A Compassionate Guide to New Year’s Resolutions
By Lindsey Wellmaker
It’s officially 2019. The holiday celebrations have concluded –decorations are put away, loved ones have returned home, and the refrigerator is finally free of holiday leftovers. Many of us will begin to reflect on the past year (“how did I do?”) as well as the year that lies ahead (“how can I do better?”). It’s no surprise in this autonomous, individualistic culture that we eventually stumble upon “resolutions” –but what does this really mean? And how can we construct a resolution on a foundation of compassion and awareness? To me resolution means an opportunity to do something differently –to grow or change in some way. This can occur through a tangible goal or even a meaningful phrase, such as, “just do it.”
According to Dictionary.com…
Resolution: the act of … determining upon an action, course of action, method, procedure, etc. a decision or determination: to make a firm resolution to do something. the mental state or quality of being resolved or resolute; firmness of purpose
What comes up when you read these words –decision, determination and firmness of purpose? –for me, these words are loaded with rigid expectations. The most common aspirations for resolutions include eating healthier, getting more exercise, and saving more money –and only 8% of people achieve their new year’s goals. So, what’s the missing ingredient that’s preventing long-term success? Are we setting goals too high, or are we not focusing on the steps to complete a goal? These questions alone make me want to check out and say, “what’s the point?”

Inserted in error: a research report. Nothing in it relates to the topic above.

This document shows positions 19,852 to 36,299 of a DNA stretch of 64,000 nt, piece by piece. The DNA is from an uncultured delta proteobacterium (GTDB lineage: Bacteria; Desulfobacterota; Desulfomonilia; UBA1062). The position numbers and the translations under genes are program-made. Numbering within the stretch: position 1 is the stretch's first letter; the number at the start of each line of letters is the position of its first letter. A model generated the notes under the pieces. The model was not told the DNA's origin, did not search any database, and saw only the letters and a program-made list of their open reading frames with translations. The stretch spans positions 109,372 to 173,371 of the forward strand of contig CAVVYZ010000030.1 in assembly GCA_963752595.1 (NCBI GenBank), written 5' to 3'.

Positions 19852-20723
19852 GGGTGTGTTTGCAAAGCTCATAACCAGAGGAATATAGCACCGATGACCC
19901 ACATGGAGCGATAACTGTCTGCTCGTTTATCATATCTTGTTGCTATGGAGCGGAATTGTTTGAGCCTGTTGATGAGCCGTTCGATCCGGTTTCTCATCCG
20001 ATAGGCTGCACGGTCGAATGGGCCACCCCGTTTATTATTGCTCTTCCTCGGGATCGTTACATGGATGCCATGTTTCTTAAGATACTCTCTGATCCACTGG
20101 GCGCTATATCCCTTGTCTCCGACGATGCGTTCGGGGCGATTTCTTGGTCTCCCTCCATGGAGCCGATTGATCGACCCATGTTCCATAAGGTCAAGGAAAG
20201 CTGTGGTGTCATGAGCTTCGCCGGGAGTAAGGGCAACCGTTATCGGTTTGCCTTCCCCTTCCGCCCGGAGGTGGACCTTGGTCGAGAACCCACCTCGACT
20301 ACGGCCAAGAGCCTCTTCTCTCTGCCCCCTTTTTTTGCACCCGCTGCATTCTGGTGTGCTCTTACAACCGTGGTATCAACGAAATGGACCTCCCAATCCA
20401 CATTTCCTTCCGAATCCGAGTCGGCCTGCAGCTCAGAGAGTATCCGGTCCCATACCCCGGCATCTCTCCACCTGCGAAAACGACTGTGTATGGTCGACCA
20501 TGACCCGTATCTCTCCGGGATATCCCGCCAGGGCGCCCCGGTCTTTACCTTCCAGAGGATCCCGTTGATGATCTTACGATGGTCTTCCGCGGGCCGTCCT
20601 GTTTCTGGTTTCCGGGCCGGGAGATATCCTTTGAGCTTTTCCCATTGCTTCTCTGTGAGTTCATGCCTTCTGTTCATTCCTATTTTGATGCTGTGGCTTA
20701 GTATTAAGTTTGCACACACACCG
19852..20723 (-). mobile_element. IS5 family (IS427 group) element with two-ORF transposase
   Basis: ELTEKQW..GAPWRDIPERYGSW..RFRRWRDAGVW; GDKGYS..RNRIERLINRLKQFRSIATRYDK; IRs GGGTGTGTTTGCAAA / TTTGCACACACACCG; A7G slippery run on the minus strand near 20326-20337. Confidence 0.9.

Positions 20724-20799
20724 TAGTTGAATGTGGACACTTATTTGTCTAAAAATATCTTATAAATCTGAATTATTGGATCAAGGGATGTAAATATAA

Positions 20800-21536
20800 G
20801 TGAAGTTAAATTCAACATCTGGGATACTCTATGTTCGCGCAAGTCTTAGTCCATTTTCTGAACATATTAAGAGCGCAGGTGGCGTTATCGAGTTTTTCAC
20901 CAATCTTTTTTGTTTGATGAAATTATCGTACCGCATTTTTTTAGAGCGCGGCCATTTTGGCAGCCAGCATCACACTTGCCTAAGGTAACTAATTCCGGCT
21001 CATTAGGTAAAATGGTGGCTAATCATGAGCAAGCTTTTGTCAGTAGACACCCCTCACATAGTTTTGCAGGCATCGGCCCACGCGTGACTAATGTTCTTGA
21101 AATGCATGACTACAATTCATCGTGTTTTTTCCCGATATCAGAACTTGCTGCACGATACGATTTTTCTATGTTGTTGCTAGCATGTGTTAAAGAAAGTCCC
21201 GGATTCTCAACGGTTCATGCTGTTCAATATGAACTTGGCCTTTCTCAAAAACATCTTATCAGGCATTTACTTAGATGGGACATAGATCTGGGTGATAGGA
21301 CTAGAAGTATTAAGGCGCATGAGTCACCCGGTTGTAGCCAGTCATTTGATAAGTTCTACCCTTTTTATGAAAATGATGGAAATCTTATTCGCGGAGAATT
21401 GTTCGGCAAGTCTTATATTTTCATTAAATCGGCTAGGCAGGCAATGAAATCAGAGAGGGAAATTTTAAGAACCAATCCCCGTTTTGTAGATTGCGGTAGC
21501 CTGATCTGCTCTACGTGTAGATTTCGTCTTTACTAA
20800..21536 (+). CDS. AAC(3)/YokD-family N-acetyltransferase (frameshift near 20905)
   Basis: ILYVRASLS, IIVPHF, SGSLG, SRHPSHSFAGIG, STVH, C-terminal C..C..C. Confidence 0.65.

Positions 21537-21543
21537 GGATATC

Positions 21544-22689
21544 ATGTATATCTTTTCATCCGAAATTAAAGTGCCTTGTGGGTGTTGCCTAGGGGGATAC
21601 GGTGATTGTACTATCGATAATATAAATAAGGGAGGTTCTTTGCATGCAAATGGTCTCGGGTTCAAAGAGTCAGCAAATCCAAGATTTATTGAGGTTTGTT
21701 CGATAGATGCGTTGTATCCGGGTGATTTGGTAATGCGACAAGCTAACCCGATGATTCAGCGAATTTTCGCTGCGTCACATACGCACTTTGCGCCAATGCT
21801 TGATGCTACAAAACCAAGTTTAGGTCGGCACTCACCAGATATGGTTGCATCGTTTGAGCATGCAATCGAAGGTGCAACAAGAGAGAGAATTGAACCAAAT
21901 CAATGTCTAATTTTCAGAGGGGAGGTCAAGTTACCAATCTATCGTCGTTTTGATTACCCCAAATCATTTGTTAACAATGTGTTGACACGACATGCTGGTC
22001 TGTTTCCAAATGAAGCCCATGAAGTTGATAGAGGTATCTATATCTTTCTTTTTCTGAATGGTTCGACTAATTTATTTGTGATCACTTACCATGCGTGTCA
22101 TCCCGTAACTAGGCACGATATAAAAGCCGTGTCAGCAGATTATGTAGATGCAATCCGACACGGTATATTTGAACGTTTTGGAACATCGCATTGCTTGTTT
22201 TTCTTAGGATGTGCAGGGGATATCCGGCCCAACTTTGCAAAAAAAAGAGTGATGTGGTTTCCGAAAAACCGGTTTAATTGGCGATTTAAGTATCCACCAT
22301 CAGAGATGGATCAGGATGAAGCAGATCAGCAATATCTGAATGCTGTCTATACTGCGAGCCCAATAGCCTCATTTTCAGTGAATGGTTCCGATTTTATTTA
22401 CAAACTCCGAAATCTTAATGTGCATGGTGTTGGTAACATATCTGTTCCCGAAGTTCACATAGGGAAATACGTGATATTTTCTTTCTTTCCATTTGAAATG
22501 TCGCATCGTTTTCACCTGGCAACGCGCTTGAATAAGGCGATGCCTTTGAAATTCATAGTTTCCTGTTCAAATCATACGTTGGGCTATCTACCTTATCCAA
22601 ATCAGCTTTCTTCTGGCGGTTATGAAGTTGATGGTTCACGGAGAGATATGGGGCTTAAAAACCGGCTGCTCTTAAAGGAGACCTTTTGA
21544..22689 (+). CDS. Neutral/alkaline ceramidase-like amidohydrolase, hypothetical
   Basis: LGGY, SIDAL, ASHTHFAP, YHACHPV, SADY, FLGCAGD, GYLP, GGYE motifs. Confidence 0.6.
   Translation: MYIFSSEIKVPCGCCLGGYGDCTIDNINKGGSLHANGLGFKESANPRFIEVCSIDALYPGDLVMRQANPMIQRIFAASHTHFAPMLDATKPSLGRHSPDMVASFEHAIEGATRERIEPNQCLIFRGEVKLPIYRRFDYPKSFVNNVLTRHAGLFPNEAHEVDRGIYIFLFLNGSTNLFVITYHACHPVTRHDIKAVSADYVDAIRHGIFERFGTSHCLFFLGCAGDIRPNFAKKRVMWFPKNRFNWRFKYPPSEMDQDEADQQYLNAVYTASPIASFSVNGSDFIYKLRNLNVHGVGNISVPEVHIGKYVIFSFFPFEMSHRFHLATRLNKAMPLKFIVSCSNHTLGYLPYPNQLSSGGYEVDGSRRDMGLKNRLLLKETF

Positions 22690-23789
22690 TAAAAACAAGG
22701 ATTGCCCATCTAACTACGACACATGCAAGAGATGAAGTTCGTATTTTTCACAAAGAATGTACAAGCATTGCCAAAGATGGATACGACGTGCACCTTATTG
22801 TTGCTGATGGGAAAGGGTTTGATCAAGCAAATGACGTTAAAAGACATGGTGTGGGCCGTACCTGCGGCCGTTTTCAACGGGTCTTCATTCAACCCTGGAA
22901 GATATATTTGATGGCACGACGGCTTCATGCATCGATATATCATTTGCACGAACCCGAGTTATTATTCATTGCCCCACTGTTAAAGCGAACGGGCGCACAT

This year I choose empathy to guide me though the planning and execution of my New Year’s resolution. I’d like to welcome and embrace the opportunity to make meaningful changes in my life; Welcoming 2019 with awareness and compassion, no longer dwelling on the outcomes and “should’s” of the new year. I invite you to do the same.
A Compassionate Guide to New Year’s Resolutions:
1. What’s the intention? This includes the personal meaning for why I want to make the change.
2. Awareness of progress. This includes setting clear goals, step-by-step, and keeping track of progress along the way. I recently heard someone say, “plan for plans, not for results.” When I plan for results (or the outcome), I’m cutting out an important step in the change-process –development! Each day/week/month I have an opportunity to reflect on progress made toward my overall resolution-goal.
3. Awareness of habits and risky tendencies –break the cycle. Through looking clearly at any/all obstacles to change, I keep things realistic, and make a tangible plan to counteract these behaviors/habits.
4. Be kind to yourself. Remember that we all are imperfect human beings who also can learn and evolve from our imperfection.
5. Other options –mantra or vision board. This can be a welcomed alternative to goal-setting resolutions. A mantra can stay with us throughout our days and weeks, as a reminder to come back to ourselves and our intent. A vision board offers an opportunity to visualize our hopes and dreams. Through creative freedom and visual manifestation, we may organically find what we want for ourselves in the upcoming year.